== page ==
Funding period (2013-2015)
Prof. Dr. Rupa Viswanath (Centre for Modern Indian Studies, University of Göttingen).
Dr. Dan Smyer Yü (Max Planck Institute for Max Planck Institute for the Study of Religious and Ethnic Diversity, Göttingen).
Prof. Dr. Axel Schneider (Centre of Modern East Asian Studies, University of Göttingen).
Prof. Dr. Matthias Koenig (Institute for Sociology, University of Göttingen).
Postdoctoral Researchers: Dr. Neena Mahadev, Dr. Jeremy F. Walton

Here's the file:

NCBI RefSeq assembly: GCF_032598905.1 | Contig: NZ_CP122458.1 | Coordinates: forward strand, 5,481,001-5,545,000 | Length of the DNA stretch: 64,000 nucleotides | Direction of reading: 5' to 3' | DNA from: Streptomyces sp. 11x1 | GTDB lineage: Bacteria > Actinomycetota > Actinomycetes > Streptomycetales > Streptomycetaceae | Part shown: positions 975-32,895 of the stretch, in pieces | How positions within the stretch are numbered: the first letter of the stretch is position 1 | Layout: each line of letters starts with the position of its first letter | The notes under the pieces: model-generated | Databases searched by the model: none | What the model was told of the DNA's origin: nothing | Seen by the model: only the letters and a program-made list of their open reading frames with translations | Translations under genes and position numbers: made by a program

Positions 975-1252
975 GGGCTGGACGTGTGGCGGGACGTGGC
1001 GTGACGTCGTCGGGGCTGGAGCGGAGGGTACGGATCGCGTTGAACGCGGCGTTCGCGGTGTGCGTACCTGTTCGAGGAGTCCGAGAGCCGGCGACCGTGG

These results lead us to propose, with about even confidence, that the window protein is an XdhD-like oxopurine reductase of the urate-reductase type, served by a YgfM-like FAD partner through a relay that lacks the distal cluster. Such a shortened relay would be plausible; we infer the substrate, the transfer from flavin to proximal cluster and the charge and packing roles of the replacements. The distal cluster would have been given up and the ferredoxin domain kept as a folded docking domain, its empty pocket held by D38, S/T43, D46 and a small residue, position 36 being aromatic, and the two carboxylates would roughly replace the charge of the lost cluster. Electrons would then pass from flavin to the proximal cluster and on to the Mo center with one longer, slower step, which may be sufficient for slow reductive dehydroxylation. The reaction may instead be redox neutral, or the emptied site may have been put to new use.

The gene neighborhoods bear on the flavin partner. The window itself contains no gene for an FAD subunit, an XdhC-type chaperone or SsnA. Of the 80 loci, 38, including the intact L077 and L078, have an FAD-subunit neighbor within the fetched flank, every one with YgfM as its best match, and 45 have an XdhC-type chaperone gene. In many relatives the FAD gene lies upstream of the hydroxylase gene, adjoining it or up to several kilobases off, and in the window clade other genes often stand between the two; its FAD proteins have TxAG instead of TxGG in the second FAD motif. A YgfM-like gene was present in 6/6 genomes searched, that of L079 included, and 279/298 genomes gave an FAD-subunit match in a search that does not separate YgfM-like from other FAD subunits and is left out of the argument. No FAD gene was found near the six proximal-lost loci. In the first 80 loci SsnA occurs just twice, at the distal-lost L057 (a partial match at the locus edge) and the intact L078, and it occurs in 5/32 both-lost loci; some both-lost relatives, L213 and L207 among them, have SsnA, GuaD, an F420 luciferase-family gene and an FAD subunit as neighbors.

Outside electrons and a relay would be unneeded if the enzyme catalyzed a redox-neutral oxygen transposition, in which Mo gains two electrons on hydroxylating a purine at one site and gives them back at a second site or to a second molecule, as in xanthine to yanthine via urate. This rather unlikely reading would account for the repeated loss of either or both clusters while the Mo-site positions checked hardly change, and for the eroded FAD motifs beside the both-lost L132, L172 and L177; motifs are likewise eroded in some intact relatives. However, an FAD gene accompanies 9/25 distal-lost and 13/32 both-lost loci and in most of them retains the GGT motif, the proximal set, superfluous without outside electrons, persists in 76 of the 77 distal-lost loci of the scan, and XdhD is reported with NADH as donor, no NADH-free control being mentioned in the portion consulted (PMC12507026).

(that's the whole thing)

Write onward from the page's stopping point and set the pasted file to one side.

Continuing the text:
Secular governance is globally represented as the quintessential harbinger of the new, the means by which societies attain freedom from the alleged intolerance of "tradition.” Our research begins with the observation that secular projects in fact variously redefine, criminalise and incorporate into new forms of legal-administrative regulation a host of religious practices and institutions. Working under the auspices of CETREN, an international team of scholars is engaged in identifying the most significant of these processes in Asia and Europe, collectively mapping new languages and practices of religion, new relations between structures of authority and citizen-subjects, new forms of religious and secular personhood, as well as the — often violent — means by which secularisation is enforced by state and non-state actors.